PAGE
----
92. 92. nots" in this country, to say nothing of the world at large, is, Ifear, already great enough to be "a potential threat to socialstability." 85
  93. 93. Question #29Chris Langan: Just as the human brain excels at certainintellectual tasks, computers excel at solving other kinds ofproblem. Hence, the idea of creating a superior intelligence bywiring together brain and machine. Do you regard as ethicalthis potentially dehumanizing “cyborg” approach tointellectual augmentation, which some regard as inevitable?Arthur Jensen: This still looks to me like science fiction. Manyof us are already quite tied to computers (I am in thatcondition at this very moment!), although not through anydirect line into the brains circuitry. That possibility sounds abit awful to me, but as a matter of principle I wont stop it if itbecame a reality. In my personal philosophy I tend to be "pro-choice" all the way, and I only hope we can preserve andpromote that freedom! 86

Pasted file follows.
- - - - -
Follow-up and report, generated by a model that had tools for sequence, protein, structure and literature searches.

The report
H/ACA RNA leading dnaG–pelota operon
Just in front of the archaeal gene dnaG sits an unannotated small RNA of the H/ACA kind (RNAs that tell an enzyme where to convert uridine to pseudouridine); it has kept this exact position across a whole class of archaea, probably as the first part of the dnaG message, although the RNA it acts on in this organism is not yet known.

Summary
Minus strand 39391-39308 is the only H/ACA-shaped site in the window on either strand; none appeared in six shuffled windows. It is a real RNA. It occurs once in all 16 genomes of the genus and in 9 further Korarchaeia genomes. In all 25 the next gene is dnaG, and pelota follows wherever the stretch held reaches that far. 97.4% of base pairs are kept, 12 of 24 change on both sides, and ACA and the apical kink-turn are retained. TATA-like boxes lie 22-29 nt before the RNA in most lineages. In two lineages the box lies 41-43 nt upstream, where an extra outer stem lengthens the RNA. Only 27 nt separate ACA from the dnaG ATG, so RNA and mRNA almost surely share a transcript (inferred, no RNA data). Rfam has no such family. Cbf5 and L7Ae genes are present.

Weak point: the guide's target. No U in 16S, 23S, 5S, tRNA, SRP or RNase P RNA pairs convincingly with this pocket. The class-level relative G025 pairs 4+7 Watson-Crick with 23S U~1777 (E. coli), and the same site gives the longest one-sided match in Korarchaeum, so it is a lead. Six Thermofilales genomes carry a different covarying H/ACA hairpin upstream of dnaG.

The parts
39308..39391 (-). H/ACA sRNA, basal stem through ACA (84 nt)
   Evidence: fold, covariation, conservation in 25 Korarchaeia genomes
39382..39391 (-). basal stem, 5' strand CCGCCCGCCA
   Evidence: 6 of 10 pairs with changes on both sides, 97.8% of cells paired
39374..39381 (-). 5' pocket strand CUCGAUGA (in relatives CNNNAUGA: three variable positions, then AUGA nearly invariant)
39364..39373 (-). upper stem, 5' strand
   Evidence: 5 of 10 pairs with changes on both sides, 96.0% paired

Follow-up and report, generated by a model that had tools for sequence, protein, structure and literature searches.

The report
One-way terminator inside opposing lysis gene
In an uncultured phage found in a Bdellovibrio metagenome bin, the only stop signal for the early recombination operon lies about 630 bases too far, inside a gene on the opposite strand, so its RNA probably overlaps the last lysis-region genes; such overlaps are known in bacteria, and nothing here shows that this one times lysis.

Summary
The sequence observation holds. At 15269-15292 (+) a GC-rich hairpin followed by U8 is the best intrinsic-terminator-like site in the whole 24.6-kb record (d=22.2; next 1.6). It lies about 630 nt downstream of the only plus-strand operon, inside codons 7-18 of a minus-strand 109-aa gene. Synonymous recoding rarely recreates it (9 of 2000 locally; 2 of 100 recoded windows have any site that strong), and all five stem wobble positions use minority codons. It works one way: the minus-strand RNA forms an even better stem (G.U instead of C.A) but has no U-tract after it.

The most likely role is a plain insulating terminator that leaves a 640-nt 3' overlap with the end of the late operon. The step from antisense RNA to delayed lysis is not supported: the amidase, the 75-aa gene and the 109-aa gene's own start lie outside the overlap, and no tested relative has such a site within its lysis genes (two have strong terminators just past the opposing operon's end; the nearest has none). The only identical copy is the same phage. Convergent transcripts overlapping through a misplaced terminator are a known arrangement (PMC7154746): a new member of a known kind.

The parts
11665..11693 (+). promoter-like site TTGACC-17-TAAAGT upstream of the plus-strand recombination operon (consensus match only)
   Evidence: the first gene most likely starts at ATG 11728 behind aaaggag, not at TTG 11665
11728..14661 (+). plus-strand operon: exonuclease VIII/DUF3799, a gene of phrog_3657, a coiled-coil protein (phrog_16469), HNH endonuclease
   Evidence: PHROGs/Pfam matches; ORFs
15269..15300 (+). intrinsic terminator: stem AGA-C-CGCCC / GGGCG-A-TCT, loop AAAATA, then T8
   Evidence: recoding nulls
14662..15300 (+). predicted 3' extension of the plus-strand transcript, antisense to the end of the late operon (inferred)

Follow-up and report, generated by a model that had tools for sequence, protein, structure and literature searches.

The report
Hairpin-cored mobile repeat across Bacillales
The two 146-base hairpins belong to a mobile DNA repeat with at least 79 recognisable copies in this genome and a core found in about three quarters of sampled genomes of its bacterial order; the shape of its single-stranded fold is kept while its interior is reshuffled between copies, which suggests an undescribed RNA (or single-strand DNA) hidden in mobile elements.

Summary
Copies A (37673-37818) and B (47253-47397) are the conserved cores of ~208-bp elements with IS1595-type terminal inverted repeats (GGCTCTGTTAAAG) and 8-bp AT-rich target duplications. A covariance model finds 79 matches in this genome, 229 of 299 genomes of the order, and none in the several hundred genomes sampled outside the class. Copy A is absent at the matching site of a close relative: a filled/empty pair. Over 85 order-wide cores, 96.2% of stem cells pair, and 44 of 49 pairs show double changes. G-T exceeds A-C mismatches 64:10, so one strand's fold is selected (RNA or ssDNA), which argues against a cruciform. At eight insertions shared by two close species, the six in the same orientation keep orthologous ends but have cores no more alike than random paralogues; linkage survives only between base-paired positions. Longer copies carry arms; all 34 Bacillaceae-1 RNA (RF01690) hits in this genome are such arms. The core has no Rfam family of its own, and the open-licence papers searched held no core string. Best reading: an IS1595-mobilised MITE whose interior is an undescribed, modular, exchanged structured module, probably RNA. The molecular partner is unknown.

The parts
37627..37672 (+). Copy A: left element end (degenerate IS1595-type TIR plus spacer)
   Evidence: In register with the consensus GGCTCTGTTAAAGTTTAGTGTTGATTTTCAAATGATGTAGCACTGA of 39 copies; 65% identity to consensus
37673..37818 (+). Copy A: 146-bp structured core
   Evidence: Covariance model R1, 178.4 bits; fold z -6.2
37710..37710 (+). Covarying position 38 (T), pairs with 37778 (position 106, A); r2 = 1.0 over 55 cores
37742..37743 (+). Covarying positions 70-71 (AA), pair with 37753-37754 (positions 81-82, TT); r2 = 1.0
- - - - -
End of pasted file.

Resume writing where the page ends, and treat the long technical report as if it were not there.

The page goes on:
94. 94. Question #30Chris Langan: As far as the evidence is concerned, theexistence of g is scientifically indisputable. But let’s face it: thisposes a problem for minorities possessing statistically less ofit per capita. After all, if it is simply accepted that the meanIQs for “colored” people and pure blacks are respectively oneand two standard deviations below the mean white IQ,employers and educators may be tempted to apply thesestatistics in vocational and academic contexts, effectivelyleading to “discriminatory” outcomes in which the minoritiesin question are “underrepresented”. Accordingly, certainremedial principles of social engineering are assigned ahigher priority than the psychometric findings themselves,resulting in reverse discrimination against qualified people ofEuropean and Asian ancestry. Given that this country is runby those with backgrounds in the social sciences rather thanin psychometrics, do you foresee any changes? 87